Keith Law makes a great point as to why these splits are so drastic.

Adam (San Francisco)

What do you make of Carlos Gonzalez and his home/road splits?

Klaw

  (1:19 PM)

I’m of two minds. On the one hand, most Rockies hitters have some kind of significant split, and I have never believed in the idea that you can just double a player’s road stats to get his “true” talent level. And Gonzalez is legitimately talented. On the other hand, the guy always had trouble with breaking stuff, and stuff don’t break at Coors the way it does (do?) at sea level. He’s in a home park that neutralizes the very pitches that give him the most trouble, and if he was in San Diego this year, he wouldn’t be close to this level of performance.

Carlos Gonzalez’s home/road splits so far in 2010…

 

Carlos Gonzalez

AB

HR

AVG

OBP

SLG

Home

253

25

0.387

0.435

0.783

Road

260

7

0.288

0.310

0.760

 

 

Carlos Gonzalez

BB%

K%

LD%

HR/FB

Home

8.1%

17.0%

24.2%

29.8%

Road

3.3%

28.8%

17.4%

10.6%

 

August 14, 2010 Denver, CO..Carlos Gonzalez  of the Colorado Rockies in action during the Major League Baseball game against the Milwaukee Brewers at Coors Field on August 14, 2010 in Denver, Colorado..The Brewers beat the Rockies 5-4..Aaron Salley/CSM.

It is beyond clear that Car-Go has benefited from being traded to the Rockies two seasons ago. He still has huge risks in his plate approach. Caro-Go is an extreme free swinger (38% O-Swing), and his is super aggressive on pitches inside the strike-zone as well(71% Z-Swing). He doesn’t draw very many walks or see many pitches per plate appearance (3.53 Pit/PA). However, as Law states, Car-Go has always had huge pure talent and his approach actually works for him in Coors Field, where breaking balls don’t break as much and fly balls fly farther.

Personally, I would be very hesitant to spend a first round pick in Car-Go in 2011. Partly because of the overly aggressive plate approach and partly because of a .381 BABIP that his highly unrepeatable. I still believe in his pure talent, as I did all preseason, but his triple crown worthy numbers may vault him into the first round or cause his auction price to crack the mid $30’s (even $40’s in some cases). Based on the risk involved, I’d stay clear in either circumstance.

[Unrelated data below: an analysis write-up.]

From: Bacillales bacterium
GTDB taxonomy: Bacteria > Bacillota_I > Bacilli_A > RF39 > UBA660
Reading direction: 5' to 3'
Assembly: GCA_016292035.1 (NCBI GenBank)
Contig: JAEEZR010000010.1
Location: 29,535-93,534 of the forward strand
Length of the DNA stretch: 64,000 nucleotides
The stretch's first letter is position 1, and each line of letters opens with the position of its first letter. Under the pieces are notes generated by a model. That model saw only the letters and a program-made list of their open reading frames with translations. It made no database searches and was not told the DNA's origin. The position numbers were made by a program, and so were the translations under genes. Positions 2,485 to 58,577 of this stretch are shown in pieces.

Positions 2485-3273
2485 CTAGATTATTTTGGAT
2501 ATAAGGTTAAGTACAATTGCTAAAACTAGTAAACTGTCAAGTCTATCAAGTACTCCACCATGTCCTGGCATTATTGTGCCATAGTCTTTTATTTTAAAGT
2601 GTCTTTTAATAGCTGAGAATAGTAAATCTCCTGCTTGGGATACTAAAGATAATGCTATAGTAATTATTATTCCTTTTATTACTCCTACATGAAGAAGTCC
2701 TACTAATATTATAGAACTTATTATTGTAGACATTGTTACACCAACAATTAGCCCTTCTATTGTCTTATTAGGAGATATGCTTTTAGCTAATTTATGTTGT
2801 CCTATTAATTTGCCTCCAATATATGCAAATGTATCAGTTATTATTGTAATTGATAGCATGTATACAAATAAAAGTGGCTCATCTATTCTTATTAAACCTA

Lastly, there was a question about Daniel Hudson, who has been lights out since being traded to the Diamondbacks for Edwin Jackson.

Jason (PHX)

 

Do you think Daniel Hudson’s 2nd half shows he can be a #1 or #2, or is it mostly luck? His BABIP has been low, but it varied in the minors. Thanks, Keith.

Klaw

  (1:36 PM)

 

Mostly luck, with a dash of weak competition and facing some hitters who haven’t seen his arm slot before.

Hudson’s opponents have been (in order of date faced since joining the D-Backs): @NYM, SD, @MIL, CIN, COL, @SF, HOU, SF. Hudson has not allowed more than three earned runs in any of those games and the three earned he only allowed once over seven innings. Yes, as a whole his competition has been below average aside from CIN and COL, so Law is on point with this statement. Also, his BABIP against for the month of August was .236, so there is the luck factor. However, one can’t deny what Hudson has done with regard to his walk rate. Regardless of opponent he’s doing a great job of limiting free passes, which is something that was a strong point to his minor league track record. Since being traded to the National League his strikeouts have also gone up.

The bottom line with Hudson is that he is a very talented pitcher and someone that could have some nice value as a late pick in 2011 drafts. However, he’s not this good. An adjustment in BABIP toward .300 should push his ERA back into the mid-to-upper threes.